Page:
What to Eat During Pregnancy

LLETZ | Colposcopy | Abnormal Cervical Screening Test | Vaginal Hysterectomy | Dr Mandana Master | Obstetrician & Gynaecologist

Throughout pregnancy, there are many considerations to take into account for optimal health. One very important lifestyle choice during pregnancy is diet, with healthy choices providing nourishment and a host of benefits to not only yourself, but your developing child.

Eating a Balanced Diet

It is important to eat a balanced, varied diet, making sure to include fruits and vegetables, grains, dairy and calcium, and lean meats (or alternatives). A healthy balanced diet consists of eating different food groups in the correct, evidence-based amounts each day:

  • Fruit: 2 serves
  • Vegetables: 5 serves 
  • Grains: 8 ½ serves 
  • Dairy (or alternatives*): 2 ½ serves 
  • Meat (or alternatives*): 3 ½ serves 

*There are many alternative foods that promote health throughout pregnancy for vegetarian and vegan women. Soy milk, eggs, lentils, tofu and beans can be eaten in place of animal products. However, it is important that pregnant women who do not consume animal products take a vitamin B12 supplement, as it is important for your child's brain development.

Which Nutrients are Important to Consume?

During pregnancy, there are numerous nutrients that should be consumed regularly – either via food products or supplements – for the health of your child. For your understanding, these nutrients are listed below with the reason they are necessary during pregnancy. 


It is important to consume appropriate levels of calcium, as this aids in the development of healthy bones for your child. Calcium can be found in low-fat and full-fat dairy foods, firm tofu, and fish that have edible bones (including sardines and salmon). You should consume between two and three serves of calcium-rich products per day.

For pregnant women who do not drink animal milk, select alternative milk with at least 100mg of calcium per 100 ml.

Vitamin D

Bone and teeth development in your child, their skeletal health, and your own muscle strength are supported by vitamin D. Although this nutrient is largely gained through sunlight, egg yolks, oily fish, margarine and some milk products can provide small amounts of vitamin D.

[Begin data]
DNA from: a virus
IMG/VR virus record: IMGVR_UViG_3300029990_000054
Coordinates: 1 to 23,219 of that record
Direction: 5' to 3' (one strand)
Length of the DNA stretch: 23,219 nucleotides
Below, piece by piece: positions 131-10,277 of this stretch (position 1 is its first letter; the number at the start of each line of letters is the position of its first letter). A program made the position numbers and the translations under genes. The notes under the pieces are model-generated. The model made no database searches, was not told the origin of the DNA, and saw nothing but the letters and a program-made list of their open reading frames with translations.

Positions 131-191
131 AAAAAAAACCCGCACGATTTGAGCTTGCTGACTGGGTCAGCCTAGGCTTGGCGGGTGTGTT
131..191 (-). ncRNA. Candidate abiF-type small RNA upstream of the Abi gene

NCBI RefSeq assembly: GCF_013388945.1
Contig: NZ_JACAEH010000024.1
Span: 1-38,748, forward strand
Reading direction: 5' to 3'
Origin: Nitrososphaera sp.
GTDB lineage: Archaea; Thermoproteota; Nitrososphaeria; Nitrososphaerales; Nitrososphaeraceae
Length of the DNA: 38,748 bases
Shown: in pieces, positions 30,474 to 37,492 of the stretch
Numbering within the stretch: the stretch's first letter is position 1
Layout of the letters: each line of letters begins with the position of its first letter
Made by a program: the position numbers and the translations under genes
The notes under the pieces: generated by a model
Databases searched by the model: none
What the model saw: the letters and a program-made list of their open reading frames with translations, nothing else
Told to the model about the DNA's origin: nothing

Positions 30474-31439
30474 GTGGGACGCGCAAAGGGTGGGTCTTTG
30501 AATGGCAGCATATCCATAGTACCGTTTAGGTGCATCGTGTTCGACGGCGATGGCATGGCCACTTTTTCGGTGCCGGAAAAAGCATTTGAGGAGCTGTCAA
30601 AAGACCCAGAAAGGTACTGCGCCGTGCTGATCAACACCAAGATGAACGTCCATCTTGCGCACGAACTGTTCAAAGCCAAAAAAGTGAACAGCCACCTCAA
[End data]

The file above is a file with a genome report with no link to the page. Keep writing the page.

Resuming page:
Each day, pregnant women should consume 400 international units (or 10 micrograms) of a vitamin D supplement.


This nutrient is important for the brain development of your child. Iodine can be found in iodised salt, fish (eaten one to three times per week, limiting your intake of high mercury fish), or a multivitamin designed for pregnancy containing 150 micrograms of iodine or more.


It is important to consume iron, as this nutrient aids red blood cell development. During pregnancy, your child is developing red blood cells, and you also require a greater volume of blood. To gain proper amounts of iron, eat a minimum of two serves of meat (including chicken and fish), nuts or legumes per day, regularly eat wholegrains and green leafy vegetables, and consume vitamin C-rich produce (including tomatoes, capsicum and fruits).

Iron supplements may be required if you have low iron levels. Your GP or Dr Mandana Master can help you navigate this.

Omega-3 Fats

Your child’s eye, brain and nerve development are supported by omega-3 fats. Omega-3 fats can be found in fish (specifically oily fish, including sardines, salmon, tuna and mackerel), linseeds/flax seeds, walnuts, chia seeds and soybeans.

It is a good idea to eat fish two to three times per week, limiting high-mercury types including shark, broadbill, marlin and swordfish to once per fortnight (do not eat any other fish during this fortnight). 

Omega-3 may also be consumed through pregnancy multivitamins. Do not consume fish liver oils.


During pregnancy, you should consume protein during each meal, as protein is important for the development of body tissue. Foods containing protein include:

  • Meat (including chicken and fish)
  • Dairy 
  • Nuts 
  • Eggs 
  • Legumes 
  • Tofu.

Eating such protein-containing foods also increases your iron and calcium consumption.


Folate, also known as folic acid, is a crucial vitamin that aids in the formation of your baby's cells and minimises the risk of your child developing specific congenital disabilities, including spina bifida. It can be obtained from a diverse range of foods, including green leafy vegetables, fruits, legumes, wholegrain bread and cereals, nuts, and fortified breakfast cereals.

However, obtaining sufficient amounts of folate from food alone can be challenging. Therefore, it is recommended to take a supplement of 500 micrograms (0.5 milligrams) each day. It is advisable to begin taking folate when planning your pregnancy and continue for the first three months.

A higher dosage may be required if  you have a history of neural tube defects, if you are obese, or if you are on anti-epilepsy medication. Your GP or Dr Mandana Master can provide clarity here. 

Summary of Supplements

As a summary, it is important for all pregnant women to consume the following supplements in conjunction with a healthy diet:

  • 500 micrograms (0.5 milligrams) of folic acid
  • 150 micrograms of iodine 
  • 400 international units (10 micrograms) of Vitamin D.

These nutrients and amounts may be present in multivitamins. Only take multivitamins specifically designed for pregnancy.

At Burnside Women’s Health, Dr Mandana Master supports the health of pregnant women and their developing children. For more information on obstetrics services, contact the friendly all-female team at (08) 8364 3642.

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